Apr 22, 2022

On April 8, 2022, the US Food and Drug Administration published a new draft guidance, “Cybersecurity in Medical Devices: Quality System Considerations and Content of Premarket Submissions,” replacing the 2018 draft guidance “Content of Premarket Submissions for Management of Cybersecurity in Medical Devices.” It is important to note that this guidance does not replace the following guidance documents at this time:

The intent is that when this draft guidance is finalized, it will replace the 2014 cybersecurity guidance. Comments are due to the FDA by July 7, 2022, and every manufacturer who has or is developing devices that contain or are software, firmware, and/or programmable logic should review this guidance in detail and consider if they have concerns that they wish to bring to the FDA’s attention. This is intended to be an overview only, and does not address all details.

The new draft cybersecurity guidance covers both quality system considerations and the content of premarket submissions (such as 510(k), de novo and premarket approval (PMA) applications), whereas both the 2014 and the 2018 versions of the guidance focused primarily upon the content of premarket submissions. This is intended to emphasize the importance of designing devices security and in a manner that cybersecurity risks can be mitigated throughout the total product lifecycle (TPLC), with a recommendation of using a secure product development framework (SPDF). The new guidance generally aligns with the International Medical Device Regulators Forum (IMDRF) 2020 guidance “Principles and Practices for Medical Device Cybersecurity.”

As with past guidance, but with further clarifications, the 2022 guidance covers software and firmware or programmable logic, including software as a medical device (SaMD), regardless of whether it is connected to a broader environment. From a high-level standpoint, the objective remains the same: to ensure that the device is, and remains, safe and effective for its intended use. This includes that many of the high-level objectives remain the same, including authenticity, integrity, availability, confidentiality, updatability, cryptography, appropriate authorization, event detection, event logging, and recovery.

How does the FDA’s 2022 cybersecurity guidance differ from previous versions?

However, there are many differences between the guidance documents as well, some of which are clarifications and some of which are changes. For simplicity, we are comparing to the currently in force 2014 guidance, as the 2018 guidance was never finalized. Most clarifications and changes fall into one or more of three broad categories:

  1. Total product lifecycle (TPLC) approach.
  2. Premarket Information Supplied: The information that the FDA expects to have available for review in a premarket submission.
  3. Information Transparency: The information that the FDA expects to be available to customers (labeling).

We will take a look at some of the clarifications and changes. Please note that this document is not intended to provide complete information needed to address cybersecurity, but is focused on differences.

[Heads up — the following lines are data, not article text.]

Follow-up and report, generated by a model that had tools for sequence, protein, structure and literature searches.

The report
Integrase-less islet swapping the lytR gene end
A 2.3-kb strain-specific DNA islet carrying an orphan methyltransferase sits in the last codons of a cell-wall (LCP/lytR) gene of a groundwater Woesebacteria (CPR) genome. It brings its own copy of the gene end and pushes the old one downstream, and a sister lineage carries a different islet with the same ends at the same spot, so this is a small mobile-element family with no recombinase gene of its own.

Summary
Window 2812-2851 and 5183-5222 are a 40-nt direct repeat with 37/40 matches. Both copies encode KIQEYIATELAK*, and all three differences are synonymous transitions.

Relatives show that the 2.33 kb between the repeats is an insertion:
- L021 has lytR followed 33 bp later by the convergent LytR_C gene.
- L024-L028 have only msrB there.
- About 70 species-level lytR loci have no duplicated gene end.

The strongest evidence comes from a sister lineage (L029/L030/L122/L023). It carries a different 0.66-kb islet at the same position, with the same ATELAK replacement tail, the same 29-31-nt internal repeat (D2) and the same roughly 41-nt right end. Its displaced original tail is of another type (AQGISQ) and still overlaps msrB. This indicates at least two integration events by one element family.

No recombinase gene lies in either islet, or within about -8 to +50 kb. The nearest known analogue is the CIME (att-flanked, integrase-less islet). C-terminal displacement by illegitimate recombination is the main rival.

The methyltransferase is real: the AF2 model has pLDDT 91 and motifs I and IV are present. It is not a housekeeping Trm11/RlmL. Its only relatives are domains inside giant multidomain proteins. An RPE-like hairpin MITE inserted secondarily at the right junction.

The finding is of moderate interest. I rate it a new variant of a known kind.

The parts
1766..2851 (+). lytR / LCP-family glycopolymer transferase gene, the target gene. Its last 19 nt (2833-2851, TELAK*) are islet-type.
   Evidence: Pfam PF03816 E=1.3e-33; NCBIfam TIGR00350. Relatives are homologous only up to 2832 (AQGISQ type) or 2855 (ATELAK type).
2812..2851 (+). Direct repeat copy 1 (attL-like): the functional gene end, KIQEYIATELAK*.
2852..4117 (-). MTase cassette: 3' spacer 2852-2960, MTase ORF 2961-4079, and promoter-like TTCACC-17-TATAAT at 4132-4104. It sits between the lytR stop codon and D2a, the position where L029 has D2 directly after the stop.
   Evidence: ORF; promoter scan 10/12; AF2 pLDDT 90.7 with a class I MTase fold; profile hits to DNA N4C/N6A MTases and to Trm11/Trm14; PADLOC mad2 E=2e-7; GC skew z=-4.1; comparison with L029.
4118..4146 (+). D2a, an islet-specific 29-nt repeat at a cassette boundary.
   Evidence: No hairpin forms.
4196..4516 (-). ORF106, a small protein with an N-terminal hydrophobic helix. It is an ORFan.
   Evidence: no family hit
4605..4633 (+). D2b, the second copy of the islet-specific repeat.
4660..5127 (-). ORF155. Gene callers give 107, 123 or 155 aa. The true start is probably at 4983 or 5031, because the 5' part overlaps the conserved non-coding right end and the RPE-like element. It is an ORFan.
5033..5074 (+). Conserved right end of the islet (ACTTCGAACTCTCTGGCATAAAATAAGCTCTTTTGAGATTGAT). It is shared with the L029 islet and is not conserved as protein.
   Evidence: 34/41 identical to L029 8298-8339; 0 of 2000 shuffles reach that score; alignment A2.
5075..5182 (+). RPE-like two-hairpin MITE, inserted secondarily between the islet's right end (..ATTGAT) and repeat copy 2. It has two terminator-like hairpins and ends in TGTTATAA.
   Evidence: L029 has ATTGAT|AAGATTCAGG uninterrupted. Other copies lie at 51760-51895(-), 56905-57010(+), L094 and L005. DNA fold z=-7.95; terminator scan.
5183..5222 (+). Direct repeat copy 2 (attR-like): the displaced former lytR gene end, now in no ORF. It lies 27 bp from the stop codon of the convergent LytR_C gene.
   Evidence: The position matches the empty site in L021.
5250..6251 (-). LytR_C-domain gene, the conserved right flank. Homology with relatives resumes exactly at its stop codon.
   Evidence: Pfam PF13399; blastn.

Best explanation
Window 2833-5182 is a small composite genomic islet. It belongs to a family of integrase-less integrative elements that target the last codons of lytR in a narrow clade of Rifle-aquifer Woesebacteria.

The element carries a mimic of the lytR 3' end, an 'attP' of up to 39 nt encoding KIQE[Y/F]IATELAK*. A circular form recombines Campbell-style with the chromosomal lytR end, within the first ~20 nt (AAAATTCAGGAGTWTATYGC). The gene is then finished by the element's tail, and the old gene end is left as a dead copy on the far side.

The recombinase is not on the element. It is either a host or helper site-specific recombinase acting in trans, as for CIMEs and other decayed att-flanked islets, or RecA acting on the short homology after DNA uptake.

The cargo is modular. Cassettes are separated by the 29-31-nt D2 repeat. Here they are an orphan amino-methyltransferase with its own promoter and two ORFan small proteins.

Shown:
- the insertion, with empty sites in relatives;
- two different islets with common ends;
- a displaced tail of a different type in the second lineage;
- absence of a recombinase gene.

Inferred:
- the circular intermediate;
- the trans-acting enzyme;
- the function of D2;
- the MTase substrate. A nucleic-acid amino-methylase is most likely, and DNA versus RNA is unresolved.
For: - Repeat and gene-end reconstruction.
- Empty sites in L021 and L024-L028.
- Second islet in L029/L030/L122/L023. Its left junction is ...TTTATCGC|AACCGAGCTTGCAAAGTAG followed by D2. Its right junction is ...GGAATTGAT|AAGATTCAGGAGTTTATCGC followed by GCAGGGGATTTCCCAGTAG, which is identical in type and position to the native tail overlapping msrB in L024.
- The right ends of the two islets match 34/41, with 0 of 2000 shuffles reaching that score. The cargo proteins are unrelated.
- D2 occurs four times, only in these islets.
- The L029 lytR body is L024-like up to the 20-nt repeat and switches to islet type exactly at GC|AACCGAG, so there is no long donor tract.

Total Product Lifecycle (TPLC) Approach Clarifications and Changes Overview

Although TPLC is mentioned in the 2014 guidance, the detailed expectations were not clear. In the new draft, the FDA provides clarification on several topics, as well as introducing new expectations.

  • The FDA clarifies that threat modeling should be used to identify security objectives, risks, vulnerabilities and countermeasures. Threat modeling should consider risks from the supply chain (including off-the-shelf software), manufacturing, deployment, interoperation, maintenance/update activities and decommissioning activities.
  • Manufacturers must document all software components of a device, which may be done through a software bill of materials (SBOM). As part of configuration management, device manufacturers should have custodial control of source code through source code escrow and source code backups. If this control is not available, a plan of how the third-party software component could be updated or replaced must be established.
  • Cybersecurity should continue to be considered throughout the TPLC of the device, with updates made to relevant documentation as appropriate. This should include tracking the percentage of identified vulnerabilities updated/patched (defect density); time from vulnerability identification to when it was updated/patched; time from when an update/patch is available to complete implementation in devices in the field; and averages of these measures.
  • After release, cybersecurity testing should be performed at regular intervals (annually) to ensure that potential vulnerabilities are identified prior to being exploited. No mention is made as to whether such testing could justified as being partial, suggesting that the FDA expects full cybersecurity-related testing to be conducted annually.

Premarket Information Supplied Clarifications and Changes Overview

The FDA considers cybersecurity to potentially have an effect on the safety and/or effectiveness of a device, and has required information be provided in a premarket submission in order to evaluate the device, as described in the 2014 final guidance. However, the 2022 draft guidance significantly increases the amount of information that must be provided for FDA review. Table 1 provides an overview of the information that the FDA expects to be included in premarket submission according to the 2014 and the new 2022 guidance documents.

Table 1: Premarket Submission Cybersecurity Contents Expectations

Content

2014 Final Guidance

2022 Draft Guidance

Threat modeling

 

Yes

Software bill of materials (SBOM) including the following information per software component, in a machine readable format:

 

Yes

  • Where assets reside

 

Yes

  • Name

 

Yes

  • Version

 

Yes

  • Manufacturer

 

Yes

  • Level of monitoring / maintenance support from manufacturer

 

Yes

  • End-of-support date

 

Yes

  • Known vulnerabilities

 

Yes

If manufacturer does not have custodial control of third-party source code, a plan of how the third-party software component could be updated or replaced.

 

 

Safety risk assessment for each known vulnerability.

 

Yes

Security risk assessment for each known vulnerability.

 

Yes

Risk controls to address known vulnerabilities .

 

Yes

List of software anomalies or statement that there are none.

 

Yes

Assessment of anomaly impact on safety and effectiveness.

 

Yes

Assessment of anomaly impact on security using a common weakness enumeration (CWE) categorization (such as by AAMI SW91).

 

Yes

Security risk management plan.

 

Yes

Security risk management report including:

 

Yes

  • Evaluation methods and processes

 

Yes

  • Risk assessment

Yes

Yes

  • Risk mitigation activities

Yes

Yes

  • Traceability between risks, controls, and testing

Yes

Yes